# Euler's identity

Euler's identity
You are encouraged to solve this task according to the task description, using any language you may know.
 This page uses content from Wikipedia. The original article was at Euler's_identity. The list of authors can be seen in the page history. As with Rosetta Code, the text of Wikipedia is available under the GNU FDL. (See links for details on variance)

In mathematics,   Euler's identity   (also known as   Euler's equation)   is the equality:

               ei$\pi$ + 1 = 0


where

   e is Euler's number, the base of natural logarithms,
i is the imaginary unit, which satisfies i2 = −1, and
$\pi$ is pi, the ratio of the circumference of a circle to its diameter.


Euler's identity is often cited as an example of deep mathematical beauty. Three of the basic arithmetic operations occur exactly once each: addition, multiplication, and exponentiation. The identity also links five fundamental mathematical constants:

   The number 0.
The number 1.
The number $\pi$ ($\pi$ = 3.14159+),
The number e (e = 2.71828+), which occurs widely in mathematical analysis.
The number i, the imaginary unit of the complex numbers.


Show in your language that Euler's identity is true. As much as possible and practical, mimic the Euler's identity equation.

Most languages are limited to IEEE 754 floating point calculations so will have some error in the calculation.

If that is the case, or there is some other limitation, show that   ei$\pi$ + 1   is approximately equal to zero and show the amount of error in the calculation.

If your language is capable of symbolic calculations, show that   ei$\pi$ + 1   is exactly equal to zero for bonus kudos points.

## ALGOL 68

Whilst Algol 68 has complex numbers as standard, it does not have a standard complex exp function.
We could use the identity exp(x + iy) = exp(x)( cos y + i sin y ), however the following uses a series expansion for exp(ix).

BEGIN    # calculate an approximation to e^(i pi) + 1 which should be 0 (Euler's identity) #     # returns e^ix for long real x, using the series:                                 #    #      exp(ix) = 1 - x^2/2! + x^4/4! - ... + i(x - x^3/3! + x^5/5! - x^7/7! ... ) #    #      the expansion stops when successive terms differ by less than 1e-15        #    PROC expi = ( LONG REAL x )LONG COMPL:         BEGIN            LONG REAL t              := 1;            LONG REAL real part      := 1;            LONG REAL imaginary part := 0;            LONG REAL divisor        := 1;            BOOL      even power     := FALSE;            BOOL      subtract       := FALSE;            LONG REAL diff           := 1;            FOR n FROM 1 WHILE ABS diff > 1e-15 DO                divisor *:= n;                t       *:= x;                LONG REAL term := t / divisor;                IF even power THEN                    # this term is real #                    subtract := NOT subtract;                    LONG REAL prev := real part;                    IF subtract THEN                        real part -:= term                    ELSE                        real part +:= term                    FI;                    diff := prev - real part                ELSE                    # this term is imaginary #                    LONG REAL prev := imaginary part;                    IF subtract THEN                        imaginary part -:= term                    ELSE                        imaginary part +:= term                    FI;                    diff := prev - imaginary part                FI;                even power := NOT even power            OD;            ( real part, imaginary part )         END # expi # ;    LONG COMPL eulers identity = expi( long pi ) + 1;    print( ( "e^(i*pi) + 1 ~ "           , fixed( re OF eulers identity, -23, 20 )           , " "           , fixed( im OF eulers identity,  23, 20 )           , "i"           , newline           )         )END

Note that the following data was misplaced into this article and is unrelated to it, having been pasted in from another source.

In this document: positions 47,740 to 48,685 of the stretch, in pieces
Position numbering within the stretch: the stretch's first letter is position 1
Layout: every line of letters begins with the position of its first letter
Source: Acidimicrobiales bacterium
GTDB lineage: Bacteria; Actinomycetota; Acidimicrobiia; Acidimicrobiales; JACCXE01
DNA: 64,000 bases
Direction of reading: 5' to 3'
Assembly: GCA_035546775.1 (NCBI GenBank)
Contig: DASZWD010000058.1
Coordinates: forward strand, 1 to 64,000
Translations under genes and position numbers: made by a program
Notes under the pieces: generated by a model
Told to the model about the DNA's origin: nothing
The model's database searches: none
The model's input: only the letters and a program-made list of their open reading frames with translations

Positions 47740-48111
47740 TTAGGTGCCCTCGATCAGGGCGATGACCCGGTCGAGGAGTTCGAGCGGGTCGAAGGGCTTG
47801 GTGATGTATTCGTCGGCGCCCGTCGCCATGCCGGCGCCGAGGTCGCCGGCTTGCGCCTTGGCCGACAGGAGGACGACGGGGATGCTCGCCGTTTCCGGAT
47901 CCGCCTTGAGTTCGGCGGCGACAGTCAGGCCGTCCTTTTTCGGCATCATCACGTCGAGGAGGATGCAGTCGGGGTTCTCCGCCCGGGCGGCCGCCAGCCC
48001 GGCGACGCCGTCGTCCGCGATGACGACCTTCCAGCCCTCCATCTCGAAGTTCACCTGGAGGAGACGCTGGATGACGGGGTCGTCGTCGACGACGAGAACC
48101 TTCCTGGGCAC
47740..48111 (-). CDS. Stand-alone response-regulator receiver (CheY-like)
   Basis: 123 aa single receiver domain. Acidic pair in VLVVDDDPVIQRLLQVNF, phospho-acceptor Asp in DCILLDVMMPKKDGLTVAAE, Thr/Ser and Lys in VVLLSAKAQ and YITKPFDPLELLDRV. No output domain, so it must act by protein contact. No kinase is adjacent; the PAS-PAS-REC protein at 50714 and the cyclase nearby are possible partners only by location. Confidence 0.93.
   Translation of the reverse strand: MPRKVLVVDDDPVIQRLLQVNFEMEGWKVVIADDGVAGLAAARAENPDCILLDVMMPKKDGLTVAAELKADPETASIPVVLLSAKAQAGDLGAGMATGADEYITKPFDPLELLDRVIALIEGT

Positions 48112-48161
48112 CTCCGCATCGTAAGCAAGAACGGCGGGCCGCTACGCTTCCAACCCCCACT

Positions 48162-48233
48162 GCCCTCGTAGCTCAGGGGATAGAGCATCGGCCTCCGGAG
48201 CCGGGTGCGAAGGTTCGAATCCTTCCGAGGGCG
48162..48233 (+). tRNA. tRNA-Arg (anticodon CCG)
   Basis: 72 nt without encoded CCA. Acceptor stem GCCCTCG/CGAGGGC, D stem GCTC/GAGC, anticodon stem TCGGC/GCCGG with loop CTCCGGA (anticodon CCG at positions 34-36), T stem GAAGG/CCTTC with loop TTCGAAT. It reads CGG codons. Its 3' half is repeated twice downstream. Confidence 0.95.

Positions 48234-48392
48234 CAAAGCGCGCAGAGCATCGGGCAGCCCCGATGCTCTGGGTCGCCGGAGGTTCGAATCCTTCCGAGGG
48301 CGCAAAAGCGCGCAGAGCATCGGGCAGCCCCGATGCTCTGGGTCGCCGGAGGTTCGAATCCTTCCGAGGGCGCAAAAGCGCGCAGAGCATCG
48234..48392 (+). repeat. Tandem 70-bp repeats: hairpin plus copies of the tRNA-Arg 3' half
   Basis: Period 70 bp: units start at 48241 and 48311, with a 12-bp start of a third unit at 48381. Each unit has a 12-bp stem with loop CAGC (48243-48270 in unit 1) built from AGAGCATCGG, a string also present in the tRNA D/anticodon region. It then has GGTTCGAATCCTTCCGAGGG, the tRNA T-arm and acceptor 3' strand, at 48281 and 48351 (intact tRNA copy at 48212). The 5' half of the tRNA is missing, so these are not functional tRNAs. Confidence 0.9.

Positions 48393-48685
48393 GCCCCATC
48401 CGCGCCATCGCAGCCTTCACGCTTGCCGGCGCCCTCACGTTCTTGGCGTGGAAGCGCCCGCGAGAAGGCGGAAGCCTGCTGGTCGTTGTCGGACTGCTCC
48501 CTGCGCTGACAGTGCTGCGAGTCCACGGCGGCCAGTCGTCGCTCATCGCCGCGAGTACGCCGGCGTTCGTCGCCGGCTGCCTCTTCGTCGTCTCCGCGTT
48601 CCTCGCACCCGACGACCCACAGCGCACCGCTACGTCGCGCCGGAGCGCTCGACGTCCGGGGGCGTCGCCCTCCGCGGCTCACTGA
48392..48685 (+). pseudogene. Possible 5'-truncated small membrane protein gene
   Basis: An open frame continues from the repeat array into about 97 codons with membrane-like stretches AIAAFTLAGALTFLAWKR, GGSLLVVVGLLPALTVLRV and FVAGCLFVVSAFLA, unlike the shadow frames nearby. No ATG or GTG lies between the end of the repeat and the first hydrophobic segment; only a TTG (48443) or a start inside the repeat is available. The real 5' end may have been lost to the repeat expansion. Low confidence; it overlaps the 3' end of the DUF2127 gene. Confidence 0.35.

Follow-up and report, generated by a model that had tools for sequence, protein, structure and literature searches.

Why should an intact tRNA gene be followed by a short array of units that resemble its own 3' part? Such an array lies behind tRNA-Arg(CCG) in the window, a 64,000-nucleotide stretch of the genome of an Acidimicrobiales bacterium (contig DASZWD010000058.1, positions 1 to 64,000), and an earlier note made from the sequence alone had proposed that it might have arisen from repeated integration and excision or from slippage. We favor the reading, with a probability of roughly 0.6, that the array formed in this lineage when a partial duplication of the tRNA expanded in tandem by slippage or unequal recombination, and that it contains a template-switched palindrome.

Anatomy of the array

Output:
e^(i*pi) + 1 ~  0.00000000000000000307 -0.00000000000000002926i


## C

The C99 standard did, of course, introduce built-in support for complex number arithmetic into the language and so we can therefore compute (e ^ πi + 1) directly without having to resort to methods which sum the power series for e ^ x.

The following code has been tested with gcc 5.4.0 on Ubuntu 16.04.

#include <stdio.h>#include <math.h>#include <complex.h>#include <wchar.h>#include <locale.h> int main() {    wchar_t pi = L'\u03c0'; /* Small pi symbol */    wchar_t ae = L'\u2245'; /* Approximately equals symbol */    double complex e = cexp(M_PI * I) + 1.0;    setlocale(LC_CTYPE, "");    printf("e ^ %lci + 1 = [%.16f, %.16f] %lc 0\n", pi, creal(e), cimag(e), ae);    return 0;}
Output:
e ^ πi + 1 = [0.0000000000000000, 0.0000000000000001] ≅ 0


## C++

#include <iostream>#include <complex> int main() {  std::cout << std::exp(std::complex<double>(0.0, M_PI)) + 1.0 << std::endl;  return 0;}
Output:

Zero and a little floating dust ...

(0,1.22465e-16)


## C#

using System;using System.Numerics; public class Program{    static void Main() {        Complex e = Math.E;        Complex i = Complex.ImaginaryOne;        Complex π = Math.PI;        Console.WriteLine(Complex.Pow(e, i * π) + 1);    }}
Output:
(0, 1.22464679914735E-16)


## Common Lisp

Common Lisp has complex number arithmetic built into it.

 (+ 1 (exp (complex 0 pi)))
#C(0.0L0 -5.0165576136843360246L-20)


## Factor

USING: math math.constants math.functions prettyprint ;1 e pi C{ 0 1 } * ^ + .
Output:
C{ 0.0 1.224646799147353e-016 }


## Go